Session 2, Saturday, 11:15 -12:15 PM
Innovative interventions that fortify students' mathematical knowledge and increase success during the first two years of STEM undergraduate studies
(3 15-minute presentations )
Mathematical sciences is one area study in which underrepresented minority student retention and degree achievement is most challenged. This session provides insight as to the programs and initiatives implemented at three universities, which have shown success in increasing retention in underrepresented minorities seeking a degree in the mathematical sciences.
The invited speakers are:
- Donna Stallings, M.S., Assistant Professor, Computer Science, Technology & Mathematics, Lincoln University (PDF)
- Kevin Berkopes, Ph.D., Executive Director, Mathematics Assistance Center (MAC), Indiana University-Purdue University Indianapolis (PDF)
- Tuncay Aktosun, Ph.D., Professor, Department of Mathematics, University of Texas at Arlington (PDF)
Barbara A. Fink, O.D., Ph.D., OH-LSAMP Alliance Director; Professor, The Ohio State University
From mid-March through mid-May 2015, the seven four-year institutions and four community colleges of The Ohio LSAMP Alliance invited more than 5,600 students to complete the LSAMP annual survey. The findings provide information about the preliminary impacts of The Ohio LSAMP Alliance on active Level 1 scholars. A significantly greater percentage of Level 1 LSAMP scholars compared to Level 2 students lived in campus residence halls, were more comfortable talking with teaching assistants and faculty about problems in courses, participated in at least one study group, and were satisfied with the academic advising they received. Notably, more Level 1 LSAMP scholars had advisors (95% versus 86% of Level 2) and faculty mentors (62%) in their major fields. Significant differences were also manifest between the two groups on every item measuring social integration. Level 1 LSAMP scholars were more involved in campus activities than their Level 2 counterparts, were more comfortable making friends with people from different backgrounds, and reported significantly greater, regular encouragement from mentors and faculty than Level 2 students. Far more Level 1 LSAMP scholars than Level 2 students participated in early arrival and Summer Bridge programs, and these preparatory experiences had positive impacts on their academic success and persistence in STEM. Overall, students confirmed that the programs, events, and guidance that the partner institutions offer are effective supports that help them connect with peers and stay on track academically. These and other results of The Ohio LSAMP Alliance annual survey will be presented.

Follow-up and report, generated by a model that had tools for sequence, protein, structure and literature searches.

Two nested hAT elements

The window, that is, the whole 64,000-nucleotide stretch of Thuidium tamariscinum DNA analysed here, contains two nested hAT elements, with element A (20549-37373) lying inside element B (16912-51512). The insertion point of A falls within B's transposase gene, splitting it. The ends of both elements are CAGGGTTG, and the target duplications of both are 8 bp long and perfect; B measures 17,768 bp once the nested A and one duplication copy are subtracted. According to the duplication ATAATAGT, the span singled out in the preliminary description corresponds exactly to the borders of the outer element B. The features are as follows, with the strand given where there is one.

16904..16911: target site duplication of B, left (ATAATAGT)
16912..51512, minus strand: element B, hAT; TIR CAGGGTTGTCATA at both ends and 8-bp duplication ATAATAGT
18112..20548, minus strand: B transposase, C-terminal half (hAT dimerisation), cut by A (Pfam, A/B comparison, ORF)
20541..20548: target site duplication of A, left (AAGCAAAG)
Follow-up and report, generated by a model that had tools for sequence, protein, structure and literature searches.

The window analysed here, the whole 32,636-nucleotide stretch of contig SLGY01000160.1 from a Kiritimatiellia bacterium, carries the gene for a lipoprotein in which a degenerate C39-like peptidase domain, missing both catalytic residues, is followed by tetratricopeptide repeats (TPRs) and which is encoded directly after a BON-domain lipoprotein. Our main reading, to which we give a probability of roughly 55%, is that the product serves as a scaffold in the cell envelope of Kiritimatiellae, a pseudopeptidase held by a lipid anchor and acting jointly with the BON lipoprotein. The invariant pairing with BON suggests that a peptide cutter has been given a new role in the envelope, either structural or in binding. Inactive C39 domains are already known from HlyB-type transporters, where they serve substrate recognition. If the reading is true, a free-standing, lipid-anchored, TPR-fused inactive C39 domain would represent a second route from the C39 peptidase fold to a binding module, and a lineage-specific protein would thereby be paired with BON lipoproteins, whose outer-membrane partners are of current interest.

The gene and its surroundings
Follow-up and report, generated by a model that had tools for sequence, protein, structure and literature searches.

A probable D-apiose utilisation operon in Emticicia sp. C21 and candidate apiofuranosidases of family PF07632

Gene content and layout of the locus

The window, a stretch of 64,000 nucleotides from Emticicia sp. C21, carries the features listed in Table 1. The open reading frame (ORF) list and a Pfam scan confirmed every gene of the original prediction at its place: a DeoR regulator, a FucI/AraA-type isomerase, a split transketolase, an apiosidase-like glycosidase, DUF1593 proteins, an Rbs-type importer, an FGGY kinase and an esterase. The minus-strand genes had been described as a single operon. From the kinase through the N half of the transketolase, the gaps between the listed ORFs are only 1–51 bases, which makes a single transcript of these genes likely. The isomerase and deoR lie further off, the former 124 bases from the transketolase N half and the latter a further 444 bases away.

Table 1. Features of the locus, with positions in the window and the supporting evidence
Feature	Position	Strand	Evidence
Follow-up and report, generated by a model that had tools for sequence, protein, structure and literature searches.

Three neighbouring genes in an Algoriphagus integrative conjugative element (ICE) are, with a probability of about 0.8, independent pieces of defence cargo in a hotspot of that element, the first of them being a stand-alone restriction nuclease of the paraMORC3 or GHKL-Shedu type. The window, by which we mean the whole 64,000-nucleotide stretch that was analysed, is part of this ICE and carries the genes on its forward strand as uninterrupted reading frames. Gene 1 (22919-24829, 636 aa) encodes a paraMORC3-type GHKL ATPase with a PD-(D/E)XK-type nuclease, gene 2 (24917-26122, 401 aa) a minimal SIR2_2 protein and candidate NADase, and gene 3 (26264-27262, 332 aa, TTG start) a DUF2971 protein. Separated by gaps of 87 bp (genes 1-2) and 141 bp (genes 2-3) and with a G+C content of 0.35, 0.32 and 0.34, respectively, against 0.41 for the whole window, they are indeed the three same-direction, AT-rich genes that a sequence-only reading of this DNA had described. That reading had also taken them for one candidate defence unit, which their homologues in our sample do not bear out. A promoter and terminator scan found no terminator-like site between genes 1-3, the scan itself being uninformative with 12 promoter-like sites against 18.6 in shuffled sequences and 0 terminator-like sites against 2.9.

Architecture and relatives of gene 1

Eboni M. Zamani-Gallaher, Professor of Education Policy, Organization & Leadership, College of Education, University of Illinois at Urbana-Champaign
Near the turn of the 20th century, community colleges emerged as one of the most innovative educational creations in the United States, spurring unprecedented postsecondary access and opportunity. Well over 100 years later, this unique American invention serves as the primary vehicle for accessing higher education for millions who would not otherwise be collegians. Enrolling nearly half of all undergraduates, U.S. community colleges serve an important role in the college and career advancement of diverse learners. Community colleges were historically prisoners of institutional elitism, overlooked institutions within the academy that largely served marginalized populations. Community colleges have received favorable regard becoming a centerpiece of educational reform efforts as well as economic recovery initiatives and workforce development in recent years. This session will highlight the varieties of community colleges, student demographics, characteristics of the faculty/administrators, and curriculum missions (including transfer and CTE/STEM). In particular, the presentation will discuss the challenges and opportunities for underrepresented racial/ethnic minority students in STEM at community colleges and the need to maximize community colleges in diversifying the STEM pipeline.
Randy Duran, Ph.D., Materials Cain Chair in Science, Technological, Engineering, and Mathematical Literacy, Louisiana State University; and LeRoy Jones II, Ph.D., Dean, College of Arts & Sciences, Chicago State University
This session will introduce research in the context of the European Union’s undergraduate and graduate curricula. It will also highlight was in which LSMCE faculty and students can approach colleagues abroad and launch collaborations. Finally a new seed grant program for LSMCE mentors will be introduced.
Harold Bryant, L’Oreal USA
This talk will focus on four key topics: how to get an opportunity, finding a good match, standing out on a high performing team, and planning for future roles. We will review corporate recruitment strategies and student touch points. As students transition from school to work, it is critical they find a good fit between technical skills, work style, and values to provide the best potential for success. As such, we will look at some differences between industries. Once students enter their first jobs and are beyond the orientation period, there are keys to making a strong “second” impression and considerations as they seek to move up the corporate ladder.
How to Navigate and Build Your Professional Network in STEM (10 am -1 pm)
Presenter: Brian Thomas (bio)
Continuation of the undergraduate student workshop.